The Independent Student Newspaper of St. John's University

The Torch

The Independent Student Newspaper of St. John's University

The Torch

The Independent Student Newspaper of St. John's University

The Torch

Cast the First Stone

At St. John’s, the word “community” is thrown around more than “weapons of mass destruction” in the Bush White House.

Student leaders and administrators incessantly refer to the community within the residence village, the community of faculty-student interaction, and the community of alumni that enriches the university’s legacy.

The community that is sometimes forgotten by students is the one that our campus is quaintly nestled within.

To the residents of the surrounding neighborhood, St. John’s has changed from a golf course, to a small commuter school, to the largest Catholic University in the United States. The addition of the residence halls has changed this institution-neighborhood dynamic and has required lengthy dialogue between the two parties.

“The university has significantly improved its communication with the surrounding community,” said Kevin Forrestal, president of the Hillcrest Estates Civic Association. “But the fundamental problem is that 2,000 plus students live in buildings that are adjacent to one or two-family houses, and college students have a different way of life compared to senior citizens and families.”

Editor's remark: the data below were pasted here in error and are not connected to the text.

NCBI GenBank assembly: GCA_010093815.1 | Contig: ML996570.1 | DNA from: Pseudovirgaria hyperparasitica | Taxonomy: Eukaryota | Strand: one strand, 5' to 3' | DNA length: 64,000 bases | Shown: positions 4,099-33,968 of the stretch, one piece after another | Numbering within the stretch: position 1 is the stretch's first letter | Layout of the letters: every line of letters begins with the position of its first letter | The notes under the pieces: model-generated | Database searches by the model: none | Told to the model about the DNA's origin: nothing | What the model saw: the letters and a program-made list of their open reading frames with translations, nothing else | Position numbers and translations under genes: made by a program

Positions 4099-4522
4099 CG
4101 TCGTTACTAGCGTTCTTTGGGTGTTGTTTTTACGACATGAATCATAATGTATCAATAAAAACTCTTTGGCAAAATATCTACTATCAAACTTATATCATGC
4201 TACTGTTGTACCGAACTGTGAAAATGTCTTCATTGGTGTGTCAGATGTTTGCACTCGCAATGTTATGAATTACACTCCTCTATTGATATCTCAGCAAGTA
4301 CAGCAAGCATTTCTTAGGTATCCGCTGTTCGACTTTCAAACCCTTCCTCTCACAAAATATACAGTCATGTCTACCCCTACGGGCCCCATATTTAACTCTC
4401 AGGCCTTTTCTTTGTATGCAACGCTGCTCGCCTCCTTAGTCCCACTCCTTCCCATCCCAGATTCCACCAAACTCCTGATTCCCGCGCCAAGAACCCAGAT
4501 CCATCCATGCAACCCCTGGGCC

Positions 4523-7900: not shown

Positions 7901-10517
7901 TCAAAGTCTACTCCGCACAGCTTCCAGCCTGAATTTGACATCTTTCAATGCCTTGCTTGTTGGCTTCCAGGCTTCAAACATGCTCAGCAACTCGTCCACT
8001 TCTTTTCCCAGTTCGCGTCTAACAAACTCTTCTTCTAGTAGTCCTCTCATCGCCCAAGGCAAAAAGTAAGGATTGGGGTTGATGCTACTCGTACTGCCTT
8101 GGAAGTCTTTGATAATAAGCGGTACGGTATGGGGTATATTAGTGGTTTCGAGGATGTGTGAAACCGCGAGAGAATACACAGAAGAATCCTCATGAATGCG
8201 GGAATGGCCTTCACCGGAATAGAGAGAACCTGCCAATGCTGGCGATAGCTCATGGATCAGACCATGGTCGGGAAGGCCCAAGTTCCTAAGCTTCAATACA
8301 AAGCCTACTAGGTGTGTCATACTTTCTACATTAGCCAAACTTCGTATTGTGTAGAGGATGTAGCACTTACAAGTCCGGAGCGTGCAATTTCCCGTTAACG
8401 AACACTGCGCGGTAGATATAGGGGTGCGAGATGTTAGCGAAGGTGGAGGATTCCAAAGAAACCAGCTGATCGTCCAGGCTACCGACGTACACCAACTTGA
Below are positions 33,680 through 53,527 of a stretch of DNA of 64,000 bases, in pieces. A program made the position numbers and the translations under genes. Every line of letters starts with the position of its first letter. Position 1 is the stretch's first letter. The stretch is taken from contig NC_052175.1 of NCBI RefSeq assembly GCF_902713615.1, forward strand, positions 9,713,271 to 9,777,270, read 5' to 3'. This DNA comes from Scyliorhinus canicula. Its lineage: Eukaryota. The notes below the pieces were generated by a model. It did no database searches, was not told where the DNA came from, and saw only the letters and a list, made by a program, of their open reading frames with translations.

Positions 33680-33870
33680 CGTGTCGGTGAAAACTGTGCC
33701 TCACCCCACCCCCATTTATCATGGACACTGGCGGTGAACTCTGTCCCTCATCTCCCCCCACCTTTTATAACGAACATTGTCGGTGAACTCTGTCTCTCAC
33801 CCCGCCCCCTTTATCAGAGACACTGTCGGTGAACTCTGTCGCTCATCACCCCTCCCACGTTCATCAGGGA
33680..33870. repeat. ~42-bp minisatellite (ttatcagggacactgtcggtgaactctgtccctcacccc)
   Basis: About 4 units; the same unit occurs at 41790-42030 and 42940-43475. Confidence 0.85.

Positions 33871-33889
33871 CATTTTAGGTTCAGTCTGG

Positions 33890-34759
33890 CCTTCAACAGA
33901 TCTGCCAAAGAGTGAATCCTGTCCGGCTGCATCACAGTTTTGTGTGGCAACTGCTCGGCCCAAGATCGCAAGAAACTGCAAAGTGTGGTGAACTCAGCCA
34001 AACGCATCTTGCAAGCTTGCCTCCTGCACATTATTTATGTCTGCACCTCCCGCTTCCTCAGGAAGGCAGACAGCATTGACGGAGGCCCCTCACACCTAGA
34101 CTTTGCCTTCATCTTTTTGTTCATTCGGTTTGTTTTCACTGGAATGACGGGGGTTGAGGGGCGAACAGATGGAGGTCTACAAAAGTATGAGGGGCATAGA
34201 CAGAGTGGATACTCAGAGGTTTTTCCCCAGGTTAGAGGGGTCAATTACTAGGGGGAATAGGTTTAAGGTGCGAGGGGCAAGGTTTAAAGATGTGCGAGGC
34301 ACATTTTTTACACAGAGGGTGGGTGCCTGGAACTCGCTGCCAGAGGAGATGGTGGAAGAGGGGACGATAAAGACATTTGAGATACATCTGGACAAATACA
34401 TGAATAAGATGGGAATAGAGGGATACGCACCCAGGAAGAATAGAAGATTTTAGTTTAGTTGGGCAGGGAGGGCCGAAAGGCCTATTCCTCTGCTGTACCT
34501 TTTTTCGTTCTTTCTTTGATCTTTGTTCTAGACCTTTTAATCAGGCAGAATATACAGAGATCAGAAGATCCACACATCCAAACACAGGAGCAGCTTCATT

That way of life, undoubtedly unique to college students, has caused a multitude of problems that the Office of Community Relations has unfortunately been forced to deal with.

“The vast majority of students are good, wonderful people I’m sure,” said Forrestal, “but there are some that cause problems from time to time, various drunken behavior, vomiting on lawns, dropping beer cans around the neighborhood.”

The sad thing is that Forrestal’s assessment is not far from the truth. Many students have a blatant disregard for their surroundings and have given neighborhood leaders a reason to complain and forget about the positives that students bring to the area, such as an influx of consumers.

“Theoretically it’s good for business I guess. I wouldn’t know though. I’m a homeowner,” said Bob Harris, president of the West Cunningham Civic Association. “But bringing in more teenagers, more young people, is a problem for the neighborhood at times.”

Though Harris admitted that one should not generalize when talking about students, he was completely convinced that many were detrimental to the community along with the rapid outgrowth of the university in general.

“The University is useful because a lot of seniors can take courses there for free, there are also cultural events, and they work with neighborhood high schools too,” said Harris. “The problem the neighborhood has is that the University is getting too big. The problem is too many students.”

We cannot allow this stereotype to fester within our communities. Similar to the loosening of residence hall visitation policies, we must be held responsible for our actions and realize that everything we do has deep reverberations for the entire school.

I will be the first to admit that some of my fellow students are less than model scholars and sometimes less than model citizens. However, strides have been made. Bars have been closed, and according to Forrestal and Harris, incidents have lessened in this past year.